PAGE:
Certainly all of these things – and more – are needed to explain the Gotham Guardian's popularity. Meanwhile, the Bat-birthday bash already is in full swing.
In April, a new weekly comic book titled "Batman Eternal" joined DC's lineup of roughly a dozen monthly books that chronicle Bruce and his amazing friends. (Yes, I said weekly. That's a tough trick to pull off!) It's written (in part) by Snyder, whose work on the monthly "Batman" book has contributed to that title being one of the most consistent top sellers in the country. And just recently, the first issue of "Grayson" hit comic shops, a new book featuring the first Robin, the former Nightwing, as an adult espionage agent.
Speaking of Robins, Warner Bros. Home Entertainment released "Son of Batman" on May 6, an animated film featuring voice work by Jason O'Mara ("The Good Wife"), Stuart Allen ("Grey's Anatomy"), David McCallum ("Man from U.N.C.L.E."), Morena Baccarin ("Homeland") and Thomas Gibson ("Criminal Minds"). In this story, adapted from the comics, Batman discovers he has a 10-year-old son named Damian (via stolen DNA samples and Talia al Ghul, daughter of his arch-foe Ra's al Ghul) who has been raised to be the world's greatest assassin. So Bruce brings Damian into the Wayne household, not only to teach him how to behave in a civilized way, but to channel his aggression into a hopefully non-lethal role as Robin. But Ms. al Ghul launches a "custody battle" as only the mistress of the League of Assassins can — and terrible things happen.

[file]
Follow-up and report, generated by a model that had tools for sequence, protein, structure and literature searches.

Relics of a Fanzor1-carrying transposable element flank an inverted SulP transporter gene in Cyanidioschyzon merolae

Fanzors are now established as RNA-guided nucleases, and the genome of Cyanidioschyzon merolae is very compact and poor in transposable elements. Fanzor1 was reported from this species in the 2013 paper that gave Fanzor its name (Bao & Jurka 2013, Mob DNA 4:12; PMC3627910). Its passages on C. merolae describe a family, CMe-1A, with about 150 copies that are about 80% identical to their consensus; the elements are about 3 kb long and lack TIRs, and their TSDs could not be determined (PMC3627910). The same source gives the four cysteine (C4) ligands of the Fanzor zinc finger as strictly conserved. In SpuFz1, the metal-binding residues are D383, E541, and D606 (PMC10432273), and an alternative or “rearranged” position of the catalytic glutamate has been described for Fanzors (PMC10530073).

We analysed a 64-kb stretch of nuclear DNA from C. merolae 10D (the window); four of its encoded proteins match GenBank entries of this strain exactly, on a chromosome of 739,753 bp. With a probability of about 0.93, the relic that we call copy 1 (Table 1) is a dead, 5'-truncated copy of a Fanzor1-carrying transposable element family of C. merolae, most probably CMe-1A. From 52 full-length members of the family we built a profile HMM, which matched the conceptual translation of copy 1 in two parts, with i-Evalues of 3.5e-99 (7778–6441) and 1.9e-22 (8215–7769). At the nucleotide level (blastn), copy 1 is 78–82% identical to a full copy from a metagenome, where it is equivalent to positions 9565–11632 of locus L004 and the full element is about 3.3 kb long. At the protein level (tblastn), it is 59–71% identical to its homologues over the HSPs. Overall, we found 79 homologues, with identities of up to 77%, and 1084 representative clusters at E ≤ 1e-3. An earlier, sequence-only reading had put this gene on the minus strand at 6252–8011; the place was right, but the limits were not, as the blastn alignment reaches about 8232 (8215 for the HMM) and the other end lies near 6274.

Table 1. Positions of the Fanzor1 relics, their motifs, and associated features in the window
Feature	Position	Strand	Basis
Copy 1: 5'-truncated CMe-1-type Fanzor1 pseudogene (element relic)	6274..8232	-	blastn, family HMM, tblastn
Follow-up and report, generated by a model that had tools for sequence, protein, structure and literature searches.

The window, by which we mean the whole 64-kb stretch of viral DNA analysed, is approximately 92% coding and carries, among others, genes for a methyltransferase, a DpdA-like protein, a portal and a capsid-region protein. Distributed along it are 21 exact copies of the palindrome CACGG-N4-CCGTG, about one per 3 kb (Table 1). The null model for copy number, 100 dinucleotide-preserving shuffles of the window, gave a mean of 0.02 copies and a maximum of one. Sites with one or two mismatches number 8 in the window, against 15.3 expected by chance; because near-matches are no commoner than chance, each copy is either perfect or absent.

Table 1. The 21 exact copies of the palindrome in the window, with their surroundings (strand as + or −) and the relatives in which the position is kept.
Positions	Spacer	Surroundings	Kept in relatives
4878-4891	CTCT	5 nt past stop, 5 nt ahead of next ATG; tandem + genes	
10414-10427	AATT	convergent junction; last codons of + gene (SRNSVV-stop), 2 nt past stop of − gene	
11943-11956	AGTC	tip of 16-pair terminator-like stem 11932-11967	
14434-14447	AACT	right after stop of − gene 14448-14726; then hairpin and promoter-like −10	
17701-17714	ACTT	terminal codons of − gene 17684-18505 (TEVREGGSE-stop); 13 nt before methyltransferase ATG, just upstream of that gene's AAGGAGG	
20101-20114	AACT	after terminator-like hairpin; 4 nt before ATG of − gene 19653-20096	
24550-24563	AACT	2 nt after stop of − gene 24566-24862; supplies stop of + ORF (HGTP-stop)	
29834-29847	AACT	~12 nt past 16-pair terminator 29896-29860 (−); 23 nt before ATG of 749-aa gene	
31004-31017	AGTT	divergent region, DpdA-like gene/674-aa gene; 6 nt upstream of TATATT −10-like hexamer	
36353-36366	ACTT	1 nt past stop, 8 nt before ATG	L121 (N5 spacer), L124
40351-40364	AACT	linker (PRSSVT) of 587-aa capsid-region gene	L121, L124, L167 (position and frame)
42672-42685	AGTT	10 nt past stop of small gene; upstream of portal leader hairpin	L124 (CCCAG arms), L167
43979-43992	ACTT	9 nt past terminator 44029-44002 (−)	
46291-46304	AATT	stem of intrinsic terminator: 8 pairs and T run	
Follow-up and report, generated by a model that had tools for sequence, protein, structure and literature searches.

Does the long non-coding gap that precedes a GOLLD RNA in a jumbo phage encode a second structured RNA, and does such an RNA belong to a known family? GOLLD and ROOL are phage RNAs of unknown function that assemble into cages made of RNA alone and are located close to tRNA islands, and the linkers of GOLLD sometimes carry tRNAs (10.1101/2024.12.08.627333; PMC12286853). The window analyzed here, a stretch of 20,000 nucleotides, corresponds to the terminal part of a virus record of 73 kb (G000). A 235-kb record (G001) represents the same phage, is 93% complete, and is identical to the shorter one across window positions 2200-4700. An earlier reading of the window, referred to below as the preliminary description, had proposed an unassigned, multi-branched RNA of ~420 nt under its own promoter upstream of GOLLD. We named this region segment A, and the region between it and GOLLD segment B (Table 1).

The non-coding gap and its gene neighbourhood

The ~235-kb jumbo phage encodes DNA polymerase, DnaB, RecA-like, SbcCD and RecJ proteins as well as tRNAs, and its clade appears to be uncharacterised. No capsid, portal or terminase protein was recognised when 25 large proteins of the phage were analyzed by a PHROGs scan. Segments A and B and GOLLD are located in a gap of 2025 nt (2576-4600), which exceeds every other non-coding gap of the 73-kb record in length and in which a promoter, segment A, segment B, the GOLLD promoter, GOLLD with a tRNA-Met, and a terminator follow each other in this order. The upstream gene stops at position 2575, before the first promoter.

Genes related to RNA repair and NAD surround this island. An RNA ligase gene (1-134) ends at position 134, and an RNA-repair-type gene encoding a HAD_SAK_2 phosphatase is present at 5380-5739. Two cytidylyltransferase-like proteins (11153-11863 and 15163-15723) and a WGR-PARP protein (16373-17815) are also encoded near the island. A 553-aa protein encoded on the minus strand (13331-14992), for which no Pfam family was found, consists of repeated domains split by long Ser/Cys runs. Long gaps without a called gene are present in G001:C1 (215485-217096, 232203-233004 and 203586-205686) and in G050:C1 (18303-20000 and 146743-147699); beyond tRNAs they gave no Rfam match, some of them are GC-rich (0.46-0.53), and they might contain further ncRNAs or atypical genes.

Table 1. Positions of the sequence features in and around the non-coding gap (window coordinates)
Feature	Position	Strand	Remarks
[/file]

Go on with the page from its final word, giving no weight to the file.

Oh, OK, spoiler: I don't know how the movie ends — honest! — but in the comics, Talia kills her own son! Batman's been on a tear ever since to resuscitate Damian — hey, it's comics, there are all kinds of ways to do that — and a one-shot titled "Robin Rising: Omega" will arrive soon, followed by the restoration of the "Batman and Robin" title a week later. That sure sounds like Damian's due for a return, but DC remains cagey about which Robin is represented by that title.